LANSING, Mich. (WLNS) — The United States Department of Agriculture (USDA) has granted a primary disaster designation to Sanilac County after severe droughts during this year’s growing seasons.
Governor Gretchen Whitmer made the request and today “applauded,” the USDA for making the designation.
The ruling by the USDA makes farm operators in Sanilac County as well as contagious counties of Huron, Lapeer, St. Clair and Tuscola elgible for help from the USDA Farm Service Agency (FSA.)
“From freezing temperatures and drought to flooding and high winds, many of our producers are finding themselves in the midst of yet another difficult growing season. I am pleased the USDA responded to our request and I’m looking forward to the further assessment of those counties not included in this designation. This relief can’t come soon enough for our farmers who endured tremendous hardship as a result of the adverse weather we’ve seen this year,” said Governor Whitmer. “I am grateful to USDA and our Michigan delegation, especially Sen. Debbie Stabenow, for their ongoing leadership and partnership to ensure our farmers receive the assistance and supports they need.”
Governor Whitmer sent a letter to Secretary Tom Vilsack in July asking for relief for counties impacted by severe weather.
“Our farmers and producers continue to face unpredictable and extreme weather conditions,” said Gary McDowell, director, Michigan Department of Agriculture and Rural Development. “This disaster designation and emergency loan opportunity provides a helping hand to our farmers ensuring they have ready access to the resources they need to keep feeding Michiganders and the world.”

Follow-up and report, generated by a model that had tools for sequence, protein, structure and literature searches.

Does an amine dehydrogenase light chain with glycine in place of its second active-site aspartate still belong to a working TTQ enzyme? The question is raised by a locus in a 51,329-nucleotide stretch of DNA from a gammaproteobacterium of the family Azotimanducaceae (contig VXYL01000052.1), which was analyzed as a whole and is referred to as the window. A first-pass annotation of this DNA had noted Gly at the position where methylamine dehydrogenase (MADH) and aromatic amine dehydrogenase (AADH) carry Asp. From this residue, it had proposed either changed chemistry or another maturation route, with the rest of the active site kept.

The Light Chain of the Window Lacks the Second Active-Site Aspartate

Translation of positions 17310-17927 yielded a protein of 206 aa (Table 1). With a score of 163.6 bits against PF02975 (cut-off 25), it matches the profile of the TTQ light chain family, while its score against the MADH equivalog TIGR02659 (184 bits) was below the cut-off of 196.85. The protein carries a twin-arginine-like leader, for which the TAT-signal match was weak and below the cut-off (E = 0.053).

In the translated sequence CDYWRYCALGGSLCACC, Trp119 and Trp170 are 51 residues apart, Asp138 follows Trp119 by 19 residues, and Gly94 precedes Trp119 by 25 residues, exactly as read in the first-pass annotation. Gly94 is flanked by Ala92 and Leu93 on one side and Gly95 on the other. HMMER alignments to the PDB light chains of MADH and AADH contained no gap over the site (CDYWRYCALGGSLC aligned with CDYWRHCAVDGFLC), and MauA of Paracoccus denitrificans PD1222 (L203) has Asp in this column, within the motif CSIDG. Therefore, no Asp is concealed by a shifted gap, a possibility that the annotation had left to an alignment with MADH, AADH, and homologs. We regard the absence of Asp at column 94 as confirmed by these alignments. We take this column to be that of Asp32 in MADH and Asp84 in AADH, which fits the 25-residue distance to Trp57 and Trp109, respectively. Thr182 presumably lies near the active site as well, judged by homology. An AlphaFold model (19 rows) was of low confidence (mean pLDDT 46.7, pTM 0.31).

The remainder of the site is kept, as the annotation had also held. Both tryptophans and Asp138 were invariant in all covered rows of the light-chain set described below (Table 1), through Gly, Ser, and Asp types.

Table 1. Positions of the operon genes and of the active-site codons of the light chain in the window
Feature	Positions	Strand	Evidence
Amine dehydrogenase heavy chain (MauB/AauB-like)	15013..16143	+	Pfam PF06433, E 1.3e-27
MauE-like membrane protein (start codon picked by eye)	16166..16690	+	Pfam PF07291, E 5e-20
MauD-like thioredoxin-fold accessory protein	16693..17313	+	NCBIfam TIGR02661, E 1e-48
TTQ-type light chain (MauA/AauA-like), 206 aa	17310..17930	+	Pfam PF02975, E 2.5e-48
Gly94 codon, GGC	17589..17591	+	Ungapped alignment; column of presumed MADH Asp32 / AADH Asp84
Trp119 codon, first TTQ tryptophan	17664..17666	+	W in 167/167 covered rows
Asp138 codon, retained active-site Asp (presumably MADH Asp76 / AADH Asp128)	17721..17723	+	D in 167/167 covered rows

This spring, Michigan experienced a significant period of freezing temperatures after many warm days, which negatively effected the state’s crops.
In addition, the state saw droughts and flooding, sometimes within days of each other.
“Areas of the Thumb experienced difficult weather conditions this spring, including ongoing drought and late frost that had a detrimental impact on the ability of farmers to produce a crop,” said Jim Zook, executive director of the Michigan Corn Growers Association. “We appreciate the Governor’s actions to secure a disaster declaration, which will give farmers access to much-needed USDA resources and assistance.”
“The value of soybeans grown in Michigan is $614 million dollars annually. Sanilac County is the second largest soybean-growing county in the state per the National Agricultural Statistic Service, producing over 6.4 million bushels of soybeans in 2020 alone. This designation as a disaster area not only brings awareness to the impacts drought can have on agriculture, but also offers financial support for farmers struggling due to these weather implications,” said Janna Fritz, CEO of the Michigan Soybean Committee. “Soybeans from Michigan are used in a multitude of ways, including many value-added soy-based products such as tires, lubricants and biodiesel fuel. Our soybean growers appreciate the efforts of our ag leaders including Senator Stabenow, Governor Whitmer and Congresswoman McClain to secure this declaration, which will help our industry recover from this disaster and allow Michigan farmers to continue growing a crop that supports the Michigan economy.”
Producers should contact their local FSA office for additional information.